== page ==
State Water Resources Research Institute Program
Project ID: 2012ME272B
Title: Maine Salt Management Scoping Project
Project Type: Information Transfer
Start Date: 3/01/2012
End Date: 2/28/2013
Congressional District: 2
Focus Categories: Law, Institutions, and Policy, Management and Planning, Water Quality
Keywords: Information dissemination, institutional relationships, salinity, snow, socioeconomic issues, streams, water quality management
Principal Investigators: Lindenfeld, Laura; Hutchins, Karen K.
Federal Funds: $ 6,000
Non-Federal Matching Funds: $ 15,357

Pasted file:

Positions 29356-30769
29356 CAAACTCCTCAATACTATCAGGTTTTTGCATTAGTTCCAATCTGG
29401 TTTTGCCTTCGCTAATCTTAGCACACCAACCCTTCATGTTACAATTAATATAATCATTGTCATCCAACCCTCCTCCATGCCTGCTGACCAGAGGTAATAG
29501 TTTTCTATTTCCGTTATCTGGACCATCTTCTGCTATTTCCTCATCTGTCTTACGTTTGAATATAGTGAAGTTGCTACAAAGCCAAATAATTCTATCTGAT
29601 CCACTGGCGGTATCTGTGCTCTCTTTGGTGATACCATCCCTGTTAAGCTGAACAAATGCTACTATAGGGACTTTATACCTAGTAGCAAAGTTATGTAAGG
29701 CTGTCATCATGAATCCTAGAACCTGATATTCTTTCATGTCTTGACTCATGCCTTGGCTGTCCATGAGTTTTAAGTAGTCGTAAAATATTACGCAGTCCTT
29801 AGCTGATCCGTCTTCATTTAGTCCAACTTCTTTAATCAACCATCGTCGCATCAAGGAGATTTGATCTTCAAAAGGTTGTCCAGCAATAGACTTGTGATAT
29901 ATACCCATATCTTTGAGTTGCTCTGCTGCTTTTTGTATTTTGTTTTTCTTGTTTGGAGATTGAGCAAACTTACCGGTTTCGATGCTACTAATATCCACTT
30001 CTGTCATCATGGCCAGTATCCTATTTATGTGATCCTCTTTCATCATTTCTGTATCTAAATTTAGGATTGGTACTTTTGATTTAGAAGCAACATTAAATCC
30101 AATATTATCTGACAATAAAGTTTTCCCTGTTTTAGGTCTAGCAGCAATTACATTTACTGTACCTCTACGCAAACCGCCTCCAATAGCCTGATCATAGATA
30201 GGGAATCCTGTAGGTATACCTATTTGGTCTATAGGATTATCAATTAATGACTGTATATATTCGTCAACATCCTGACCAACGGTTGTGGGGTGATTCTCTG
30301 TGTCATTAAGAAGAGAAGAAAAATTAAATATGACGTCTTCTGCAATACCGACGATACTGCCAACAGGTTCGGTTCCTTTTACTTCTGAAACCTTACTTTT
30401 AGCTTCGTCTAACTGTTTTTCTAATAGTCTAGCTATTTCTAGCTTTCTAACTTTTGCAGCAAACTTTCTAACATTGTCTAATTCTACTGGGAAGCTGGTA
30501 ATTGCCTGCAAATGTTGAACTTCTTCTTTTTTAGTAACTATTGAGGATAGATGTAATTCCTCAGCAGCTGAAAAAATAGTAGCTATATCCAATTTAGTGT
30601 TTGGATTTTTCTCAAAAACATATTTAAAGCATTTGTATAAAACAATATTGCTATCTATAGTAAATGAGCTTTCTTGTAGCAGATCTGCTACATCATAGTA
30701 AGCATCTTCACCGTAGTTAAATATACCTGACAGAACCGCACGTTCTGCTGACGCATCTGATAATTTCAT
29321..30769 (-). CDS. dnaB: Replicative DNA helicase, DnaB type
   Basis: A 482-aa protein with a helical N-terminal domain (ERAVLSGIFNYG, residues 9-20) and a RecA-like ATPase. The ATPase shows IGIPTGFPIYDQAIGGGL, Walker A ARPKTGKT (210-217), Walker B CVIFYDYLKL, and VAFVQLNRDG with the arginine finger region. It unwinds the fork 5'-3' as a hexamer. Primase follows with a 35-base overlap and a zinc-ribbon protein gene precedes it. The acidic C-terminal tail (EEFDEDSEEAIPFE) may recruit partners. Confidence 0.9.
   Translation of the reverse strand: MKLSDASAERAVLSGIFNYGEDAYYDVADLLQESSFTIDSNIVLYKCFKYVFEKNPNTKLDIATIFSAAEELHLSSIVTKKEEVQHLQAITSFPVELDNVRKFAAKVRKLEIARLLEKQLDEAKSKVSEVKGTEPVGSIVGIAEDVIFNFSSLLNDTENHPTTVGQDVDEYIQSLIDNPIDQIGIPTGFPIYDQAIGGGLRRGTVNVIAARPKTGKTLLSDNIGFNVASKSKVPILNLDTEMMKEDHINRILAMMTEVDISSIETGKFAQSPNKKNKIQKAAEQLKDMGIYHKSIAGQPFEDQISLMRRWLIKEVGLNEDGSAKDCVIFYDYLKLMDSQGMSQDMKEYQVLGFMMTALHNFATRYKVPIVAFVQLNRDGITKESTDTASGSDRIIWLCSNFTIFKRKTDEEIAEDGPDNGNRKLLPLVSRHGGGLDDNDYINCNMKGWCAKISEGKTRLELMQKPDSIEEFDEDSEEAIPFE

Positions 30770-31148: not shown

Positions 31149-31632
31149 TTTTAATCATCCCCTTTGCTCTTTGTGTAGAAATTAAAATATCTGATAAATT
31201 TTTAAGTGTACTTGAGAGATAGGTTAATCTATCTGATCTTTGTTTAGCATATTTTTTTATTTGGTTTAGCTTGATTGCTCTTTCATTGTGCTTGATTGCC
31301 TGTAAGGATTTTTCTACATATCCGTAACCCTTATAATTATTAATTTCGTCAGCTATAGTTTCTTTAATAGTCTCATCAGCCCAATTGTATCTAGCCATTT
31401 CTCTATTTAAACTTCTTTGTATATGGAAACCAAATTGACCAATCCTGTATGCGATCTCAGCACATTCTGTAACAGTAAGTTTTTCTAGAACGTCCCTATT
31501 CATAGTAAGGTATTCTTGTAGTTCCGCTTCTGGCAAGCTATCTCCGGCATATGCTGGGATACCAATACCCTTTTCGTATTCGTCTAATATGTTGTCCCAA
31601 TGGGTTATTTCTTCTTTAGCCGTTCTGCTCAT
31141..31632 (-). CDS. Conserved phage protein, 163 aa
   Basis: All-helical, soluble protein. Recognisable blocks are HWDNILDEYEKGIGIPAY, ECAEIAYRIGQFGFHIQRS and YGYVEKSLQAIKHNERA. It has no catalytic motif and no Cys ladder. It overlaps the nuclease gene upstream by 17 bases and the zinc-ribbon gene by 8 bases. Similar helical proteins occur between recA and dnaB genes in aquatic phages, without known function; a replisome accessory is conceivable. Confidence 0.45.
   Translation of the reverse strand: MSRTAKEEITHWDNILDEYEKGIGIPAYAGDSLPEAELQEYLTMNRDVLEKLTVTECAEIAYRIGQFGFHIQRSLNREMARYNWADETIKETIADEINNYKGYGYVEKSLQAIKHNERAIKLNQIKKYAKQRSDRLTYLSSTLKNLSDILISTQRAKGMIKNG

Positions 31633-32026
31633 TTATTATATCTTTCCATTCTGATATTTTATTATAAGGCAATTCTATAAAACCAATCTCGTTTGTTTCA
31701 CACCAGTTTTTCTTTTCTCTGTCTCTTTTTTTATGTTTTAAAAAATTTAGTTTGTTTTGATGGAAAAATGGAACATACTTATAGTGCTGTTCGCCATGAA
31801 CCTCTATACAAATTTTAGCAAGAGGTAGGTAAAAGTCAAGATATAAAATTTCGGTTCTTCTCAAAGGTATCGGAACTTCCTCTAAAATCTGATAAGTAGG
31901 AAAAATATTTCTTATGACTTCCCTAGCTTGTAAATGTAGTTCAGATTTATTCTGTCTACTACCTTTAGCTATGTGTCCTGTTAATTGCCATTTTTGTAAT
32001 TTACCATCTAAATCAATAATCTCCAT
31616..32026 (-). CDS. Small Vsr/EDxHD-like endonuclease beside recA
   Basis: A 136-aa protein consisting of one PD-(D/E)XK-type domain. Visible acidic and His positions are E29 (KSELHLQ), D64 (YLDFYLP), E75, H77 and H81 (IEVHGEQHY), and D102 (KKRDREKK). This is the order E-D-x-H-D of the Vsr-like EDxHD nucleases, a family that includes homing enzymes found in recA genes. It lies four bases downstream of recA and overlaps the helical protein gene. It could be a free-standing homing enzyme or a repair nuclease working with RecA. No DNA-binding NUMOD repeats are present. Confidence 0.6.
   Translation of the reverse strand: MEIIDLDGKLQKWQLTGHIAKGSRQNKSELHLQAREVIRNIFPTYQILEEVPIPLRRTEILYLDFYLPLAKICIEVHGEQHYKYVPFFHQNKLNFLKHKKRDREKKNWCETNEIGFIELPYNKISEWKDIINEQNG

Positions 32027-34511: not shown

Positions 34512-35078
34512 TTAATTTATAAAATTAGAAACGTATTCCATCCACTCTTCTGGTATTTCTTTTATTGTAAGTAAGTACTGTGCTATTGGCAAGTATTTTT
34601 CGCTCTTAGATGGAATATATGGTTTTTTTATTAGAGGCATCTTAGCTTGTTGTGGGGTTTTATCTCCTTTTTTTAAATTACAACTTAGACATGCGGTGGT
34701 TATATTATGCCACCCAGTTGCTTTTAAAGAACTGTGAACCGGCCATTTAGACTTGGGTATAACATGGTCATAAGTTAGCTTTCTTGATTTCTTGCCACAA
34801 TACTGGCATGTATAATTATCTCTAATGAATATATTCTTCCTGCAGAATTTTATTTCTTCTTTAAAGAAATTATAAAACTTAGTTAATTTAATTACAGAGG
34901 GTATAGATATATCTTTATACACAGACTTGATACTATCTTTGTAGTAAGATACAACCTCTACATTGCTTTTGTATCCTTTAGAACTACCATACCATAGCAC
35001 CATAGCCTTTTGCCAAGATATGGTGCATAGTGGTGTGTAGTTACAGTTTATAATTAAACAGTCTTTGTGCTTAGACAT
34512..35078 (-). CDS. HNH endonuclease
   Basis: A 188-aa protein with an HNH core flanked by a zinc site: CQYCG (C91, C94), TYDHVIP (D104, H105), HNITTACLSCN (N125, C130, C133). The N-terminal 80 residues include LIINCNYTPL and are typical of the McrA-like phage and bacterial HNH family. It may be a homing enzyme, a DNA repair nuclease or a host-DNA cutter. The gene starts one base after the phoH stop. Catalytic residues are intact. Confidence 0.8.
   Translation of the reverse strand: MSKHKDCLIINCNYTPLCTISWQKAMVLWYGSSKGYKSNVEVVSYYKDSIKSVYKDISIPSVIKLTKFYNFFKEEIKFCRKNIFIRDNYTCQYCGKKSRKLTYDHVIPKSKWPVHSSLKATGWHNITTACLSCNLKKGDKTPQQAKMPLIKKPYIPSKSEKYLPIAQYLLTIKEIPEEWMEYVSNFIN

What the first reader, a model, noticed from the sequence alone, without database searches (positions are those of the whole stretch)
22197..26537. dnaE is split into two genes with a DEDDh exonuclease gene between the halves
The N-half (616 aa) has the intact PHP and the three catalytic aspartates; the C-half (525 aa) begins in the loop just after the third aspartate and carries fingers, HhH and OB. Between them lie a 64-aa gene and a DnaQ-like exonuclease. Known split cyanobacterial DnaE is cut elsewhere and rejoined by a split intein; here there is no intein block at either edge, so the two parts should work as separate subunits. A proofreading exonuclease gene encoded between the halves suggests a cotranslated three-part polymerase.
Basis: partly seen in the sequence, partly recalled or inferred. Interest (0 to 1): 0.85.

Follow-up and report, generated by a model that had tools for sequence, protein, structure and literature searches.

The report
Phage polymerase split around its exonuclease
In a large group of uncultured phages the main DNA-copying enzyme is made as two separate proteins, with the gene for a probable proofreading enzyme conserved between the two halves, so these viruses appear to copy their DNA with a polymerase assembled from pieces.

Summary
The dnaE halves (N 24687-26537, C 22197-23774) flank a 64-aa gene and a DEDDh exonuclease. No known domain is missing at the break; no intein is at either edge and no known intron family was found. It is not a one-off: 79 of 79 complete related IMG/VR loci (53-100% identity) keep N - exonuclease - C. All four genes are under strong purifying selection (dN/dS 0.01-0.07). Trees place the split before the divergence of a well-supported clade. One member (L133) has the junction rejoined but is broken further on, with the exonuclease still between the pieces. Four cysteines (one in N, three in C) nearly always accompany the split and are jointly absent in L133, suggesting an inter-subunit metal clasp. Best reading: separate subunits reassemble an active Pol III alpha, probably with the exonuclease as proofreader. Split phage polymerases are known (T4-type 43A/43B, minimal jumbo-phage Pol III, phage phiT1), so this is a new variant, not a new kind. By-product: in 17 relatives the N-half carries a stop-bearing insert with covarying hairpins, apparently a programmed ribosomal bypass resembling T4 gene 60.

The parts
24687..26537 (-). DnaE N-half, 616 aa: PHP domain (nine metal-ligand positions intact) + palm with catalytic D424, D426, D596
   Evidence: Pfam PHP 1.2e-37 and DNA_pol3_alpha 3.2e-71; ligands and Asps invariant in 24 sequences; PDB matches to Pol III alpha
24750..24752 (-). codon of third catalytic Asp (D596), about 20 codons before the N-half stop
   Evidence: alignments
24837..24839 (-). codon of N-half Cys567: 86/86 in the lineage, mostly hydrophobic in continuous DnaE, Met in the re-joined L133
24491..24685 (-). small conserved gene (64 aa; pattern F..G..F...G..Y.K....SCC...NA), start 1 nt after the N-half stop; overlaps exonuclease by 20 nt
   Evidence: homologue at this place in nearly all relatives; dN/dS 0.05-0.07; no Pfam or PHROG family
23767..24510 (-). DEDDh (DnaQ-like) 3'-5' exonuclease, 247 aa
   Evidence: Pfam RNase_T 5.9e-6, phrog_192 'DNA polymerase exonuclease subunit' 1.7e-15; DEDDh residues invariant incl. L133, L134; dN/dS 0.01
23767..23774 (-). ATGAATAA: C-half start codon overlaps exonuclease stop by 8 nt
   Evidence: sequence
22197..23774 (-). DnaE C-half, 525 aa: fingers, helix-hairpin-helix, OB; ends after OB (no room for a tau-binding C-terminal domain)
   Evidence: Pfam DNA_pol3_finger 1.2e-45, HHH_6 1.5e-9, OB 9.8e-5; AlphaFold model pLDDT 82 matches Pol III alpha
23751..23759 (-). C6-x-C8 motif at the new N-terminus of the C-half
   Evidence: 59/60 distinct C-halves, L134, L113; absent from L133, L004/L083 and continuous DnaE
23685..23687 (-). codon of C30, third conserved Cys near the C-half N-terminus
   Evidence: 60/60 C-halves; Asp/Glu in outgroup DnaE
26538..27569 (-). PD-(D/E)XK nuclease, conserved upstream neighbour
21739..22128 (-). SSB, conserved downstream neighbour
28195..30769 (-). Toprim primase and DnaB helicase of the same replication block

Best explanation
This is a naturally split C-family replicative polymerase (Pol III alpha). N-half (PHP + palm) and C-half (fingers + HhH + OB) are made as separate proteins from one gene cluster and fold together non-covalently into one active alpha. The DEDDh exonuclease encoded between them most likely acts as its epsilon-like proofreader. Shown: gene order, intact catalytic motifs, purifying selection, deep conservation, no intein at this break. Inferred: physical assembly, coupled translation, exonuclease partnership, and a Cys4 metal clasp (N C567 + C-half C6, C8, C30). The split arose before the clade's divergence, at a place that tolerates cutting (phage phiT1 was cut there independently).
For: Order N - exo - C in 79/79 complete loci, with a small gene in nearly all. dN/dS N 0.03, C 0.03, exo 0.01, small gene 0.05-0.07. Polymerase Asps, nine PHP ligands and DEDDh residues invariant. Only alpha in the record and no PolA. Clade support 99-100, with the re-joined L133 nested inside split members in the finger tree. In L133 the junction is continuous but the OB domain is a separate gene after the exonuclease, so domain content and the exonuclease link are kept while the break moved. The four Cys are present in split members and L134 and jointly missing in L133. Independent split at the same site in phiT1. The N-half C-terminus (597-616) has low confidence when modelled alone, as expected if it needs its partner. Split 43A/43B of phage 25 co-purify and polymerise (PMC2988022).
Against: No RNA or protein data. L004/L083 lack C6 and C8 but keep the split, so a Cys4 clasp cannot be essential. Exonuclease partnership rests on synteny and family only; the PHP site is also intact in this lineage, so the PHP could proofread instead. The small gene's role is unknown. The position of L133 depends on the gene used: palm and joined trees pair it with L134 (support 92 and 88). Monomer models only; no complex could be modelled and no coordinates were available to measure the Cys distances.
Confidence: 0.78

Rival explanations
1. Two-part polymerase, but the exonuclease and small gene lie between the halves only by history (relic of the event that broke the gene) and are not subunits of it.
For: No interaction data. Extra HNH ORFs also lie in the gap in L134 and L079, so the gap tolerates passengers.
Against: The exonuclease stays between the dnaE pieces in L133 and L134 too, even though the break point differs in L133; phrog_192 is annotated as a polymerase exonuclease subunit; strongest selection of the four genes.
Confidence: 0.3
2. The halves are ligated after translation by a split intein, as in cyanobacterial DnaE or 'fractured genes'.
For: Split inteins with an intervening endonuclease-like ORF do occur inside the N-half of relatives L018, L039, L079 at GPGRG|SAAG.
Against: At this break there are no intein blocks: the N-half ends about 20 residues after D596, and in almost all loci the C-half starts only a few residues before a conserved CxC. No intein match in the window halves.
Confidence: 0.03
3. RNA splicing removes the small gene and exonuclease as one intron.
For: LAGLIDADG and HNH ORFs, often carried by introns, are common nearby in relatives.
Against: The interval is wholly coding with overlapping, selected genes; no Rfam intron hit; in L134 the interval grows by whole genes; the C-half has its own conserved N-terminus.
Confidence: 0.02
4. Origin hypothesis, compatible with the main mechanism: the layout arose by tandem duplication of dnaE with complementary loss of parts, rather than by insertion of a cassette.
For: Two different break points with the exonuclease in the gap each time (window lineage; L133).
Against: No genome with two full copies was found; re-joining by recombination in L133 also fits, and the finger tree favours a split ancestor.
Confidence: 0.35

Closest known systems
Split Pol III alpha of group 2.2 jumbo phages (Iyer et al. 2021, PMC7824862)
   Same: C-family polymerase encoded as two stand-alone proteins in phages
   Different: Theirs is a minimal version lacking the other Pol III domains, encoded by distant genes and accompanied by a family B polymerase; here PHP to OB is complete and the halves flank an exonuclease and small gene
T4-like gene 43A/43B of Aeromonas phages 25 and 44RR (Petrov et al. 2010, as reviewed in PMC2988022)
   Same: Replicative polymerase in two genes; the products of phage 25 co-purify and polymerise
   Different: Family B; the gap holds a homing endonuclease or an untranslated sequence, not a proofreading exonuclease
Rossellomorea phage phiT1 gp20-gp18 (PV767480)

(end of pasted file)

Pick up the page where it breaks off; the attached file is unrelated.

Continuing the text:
Abstract: Road salt is widely used in Maine to manage snow and ice during the winter months. While efforts have been made by some municipalities and state agencies like the Department of Transportation to reduce their use of salt through improved technology, infrastructure, and individual community practices, chloride concentrations in our streams, rivers, and lakes is still increasing in the Northeast (Trowbridge, Kahl, Sassan, Heath, and Walsh, 2010). Recognizing this trend, the high costs of winter road maintenance (Rubin et al., 2010), adverse affects on human and environmental health (Kahl, Sassan, and Roseen, 2011), and potential for high chloride concentrations to compromise efforts to restore urban impaired streams, a group of municipal and state agents, researchers, and consultants formed the Maine Salt Management Taskforce. After meeting for a year, this facilitated taskforce determined that several key steps need to be taken to establish and test best management practices (BMPs) for salt application and strengthen the linkages and communication between diverse stakeholder groups. In light of these determinations, the goals of this project are to: 1) assess existing chloride research and salt management practices; 2) facilitate a series of conversations about the research and present three potential BMPs (preventative, structural, and behavioral) to the Maine Salt Management Taskforce for feedback; 3) identify obstacles to and resources for changing salt management practices and stakeholder information needs, through these facilitated meetings and individual interviews; and 4) contribute significantly to current efforts to develop a pilot program that will test salt application best management practices for future statewide adoption.